The Island is a story about relationships centered around four women: Birdie, Chess, Tate and India.
Birdie, a divorcee, planning her daughter’s wedding and generally looking for things to occupy her time since her divorce from Grant two years ago. She proposes a last hurrah of sorts with Chess, her eldest daughter. who is getting married in the Fall. She would like to go to Tuckernuck Island (near Nantucket) and spend two weeks at the old Tate family house. Chess, a successful editor at Glamorous Home, initially is hesitant. She then decides to go with her mom.
Birdie calls the man who had been the caretaker of the house and asks him to prepare it for their stay. The caretaker is retired, but his son, Barrett, can take care of the renovations to those house. After being abandoned for thirteen years the house has seen better days. It needs a lot of repair, but Barrett feels that he can have it repaired in time for Birdie’s trip with her daughter in July.
Then everything changes. Chess calls off the wedding and she quits her job. She also cuts her beautiful hair. She flees the city to stay with her mother. And then tragedy strikes, her ex-finance dies in a mountain climbing accident. Continue reading
There is something about summer that compels me to read books centered around beach communities in the Northeast. So it should come as no surprise that I picked up Nancy Thayer’s latest, Beachcombers, a story about three sisters who find themselves all living in their childhood home in Nantucket.
Abbie, the oldest, has been away from the family for two years living in Europe and working as a nanny. She’s enjoying her independence after giving up her dreams for so many years to take care of her sisters after her mother died. Emma, the middle child, was a successful investment banker. When the economy stumbled, she found herself broke, without a job and or a fiance. (He was kind enough to dump her and take up with another banker in their office.) Lily, the baby, lives at home and works for a local newspaper covering the social events on the island.
The book begins when Emma’s job loss forces her to move home and her depression worries Lily so much that she summons Abbie to return home. When Abbie arrives at home she finds that the economy has also placed a strain on her father. He has rented out “the playhouse” to a 40 year old recent divorce from the Midwest. Marina, hurting from her ex-husband’s betrayal, has fled to Nantucket to escape and heal in a place that brought her much joy when she was younger.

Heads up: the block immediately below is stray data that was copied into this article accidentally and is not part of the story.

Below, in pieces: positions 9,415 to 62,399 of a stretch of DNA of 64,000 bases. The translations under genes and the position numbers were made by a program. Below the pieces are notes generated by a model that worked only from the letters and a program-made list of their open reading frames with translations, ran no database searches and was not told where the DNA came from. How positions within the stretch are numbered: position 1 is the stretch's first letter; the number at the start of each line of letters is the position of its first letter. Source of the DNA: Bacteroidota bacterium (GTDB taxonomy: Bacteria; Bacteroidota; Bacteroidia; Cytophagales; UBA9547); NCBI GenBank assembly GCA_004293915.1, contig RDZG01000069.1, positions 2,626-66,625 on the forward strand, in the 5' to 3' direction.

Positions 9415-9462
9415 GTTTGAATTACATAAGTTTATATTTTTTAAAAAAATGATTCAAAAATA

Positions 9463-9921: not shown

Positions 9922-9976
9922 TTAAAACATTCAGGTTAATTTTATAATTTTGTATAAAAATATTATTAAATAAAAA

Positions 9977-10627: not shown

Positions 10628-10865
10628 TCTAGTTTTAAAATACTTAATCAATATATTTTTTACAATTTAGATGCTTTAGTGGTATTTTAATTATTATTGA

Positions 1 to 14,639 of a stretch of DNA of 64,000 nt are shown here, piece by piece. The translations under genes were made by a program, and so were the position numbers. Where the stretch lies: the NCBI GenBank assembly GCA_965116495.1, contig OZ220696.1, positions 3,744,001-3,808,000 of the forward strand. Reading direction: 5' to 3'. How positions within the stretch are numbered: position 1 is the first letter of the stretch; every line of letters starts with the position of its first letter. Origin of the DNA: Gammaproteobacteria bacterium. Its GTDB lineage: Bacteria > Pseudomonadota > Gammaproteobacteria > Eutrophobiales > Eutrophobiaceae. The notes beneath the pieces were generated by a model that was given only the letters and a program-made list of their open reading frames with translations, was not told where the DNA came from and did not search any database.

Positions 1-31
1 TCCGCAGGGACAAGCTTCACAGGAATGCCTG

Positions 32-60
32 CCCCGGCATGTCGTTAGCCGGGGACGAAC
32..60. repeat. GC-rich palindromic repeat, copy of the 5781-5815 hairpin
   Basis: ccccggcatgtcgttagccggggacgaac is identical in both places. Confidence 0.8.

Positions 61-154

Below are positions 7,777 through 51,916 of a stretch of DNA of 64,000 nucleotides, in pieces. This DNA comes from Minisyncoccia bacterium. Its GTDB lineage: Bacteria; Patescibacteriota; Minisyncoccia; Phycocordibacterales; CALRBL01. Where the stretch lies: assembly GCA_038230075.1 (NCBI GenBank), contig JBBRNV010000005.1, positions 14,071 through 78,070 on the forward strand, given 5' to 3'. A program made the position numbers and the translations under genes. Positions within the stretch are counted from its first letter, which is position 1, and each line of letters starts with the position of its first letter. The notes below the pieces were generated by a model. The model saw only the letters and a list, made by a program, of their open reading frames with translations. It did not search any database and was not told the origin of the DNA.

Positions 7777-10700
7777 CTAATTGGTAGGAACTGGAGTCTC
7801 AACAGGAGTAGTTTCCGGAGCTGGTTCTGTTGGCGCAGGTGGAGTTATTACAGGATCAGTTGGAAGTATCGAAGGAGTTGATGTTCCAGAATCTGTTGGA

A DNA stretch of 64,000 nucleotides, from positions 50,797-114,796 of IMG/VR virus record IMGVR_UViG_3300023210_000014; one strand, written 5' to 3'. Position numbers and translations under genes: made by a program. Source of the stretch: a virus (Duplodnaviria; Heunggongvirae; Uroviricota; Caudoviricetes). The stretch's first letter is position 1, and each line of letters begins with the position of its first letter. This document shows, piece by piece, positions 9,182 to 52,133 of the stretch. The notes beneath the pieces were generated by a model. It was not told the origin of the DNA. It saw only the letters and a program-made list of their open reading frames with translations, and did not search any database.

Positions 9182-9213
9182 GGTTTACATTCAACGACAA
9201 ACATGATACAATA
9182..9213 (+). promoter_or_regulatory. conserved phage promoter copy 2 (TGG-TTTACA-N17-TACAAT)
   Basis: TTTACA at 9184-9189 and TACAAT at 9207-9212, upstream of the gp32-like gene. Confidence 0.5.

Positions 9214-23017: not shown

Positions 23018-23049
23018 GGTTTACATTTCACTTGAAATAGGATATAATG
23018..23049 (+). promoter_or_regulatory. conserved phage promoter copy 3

Beachcombers is a wonderful story about unexpected relationships and the process of healing. Each of the women becomes involved in a relationship which on the surface may appear complicated or not to work but is exactly what they need. Thayer does an excellent job painting the characters especially Howell, Harry and Mrs. Bracebridge.
My one complaint about this book centered around the character of Lily. At times, I found her behavior too childish for a woman in her early 20s. I also found myself frustrated at times with her sister’s reaction or over-reaction to minor incidents like Lily forgetting to buy milk for the house. I understood what Thayer was trying to do but it just felt a little much.
That being said I highly enjoyed this book. I found myself losing myself in the story and the characters. I would recommend this book and give it a 4.5/5. Now to to check out more books by Thayer….
I don’t know if it is me or if it is the books. I used to run out and buy Jane Green’s books and devour them immediately. Now, I get them at the library and they leave me feeling not quite disappointed but not all together satisfied either.
The Beach House was a light, summery read. But it was also incredibly predictable. There are two big reveals with two characters that I saw coming from a mile away.
I also found myself frustrated at times with the editing. You could tell that Green is English and at times her word choice seemed unnatural to an American ear. (A 13yr American girl would never get excited over a “proper job”. American’s don’t have rows. We have arguments or fights.) I could have excused this if one of the characters was English, but all were East Coasters.
All in all I would rate this a 2.5/5.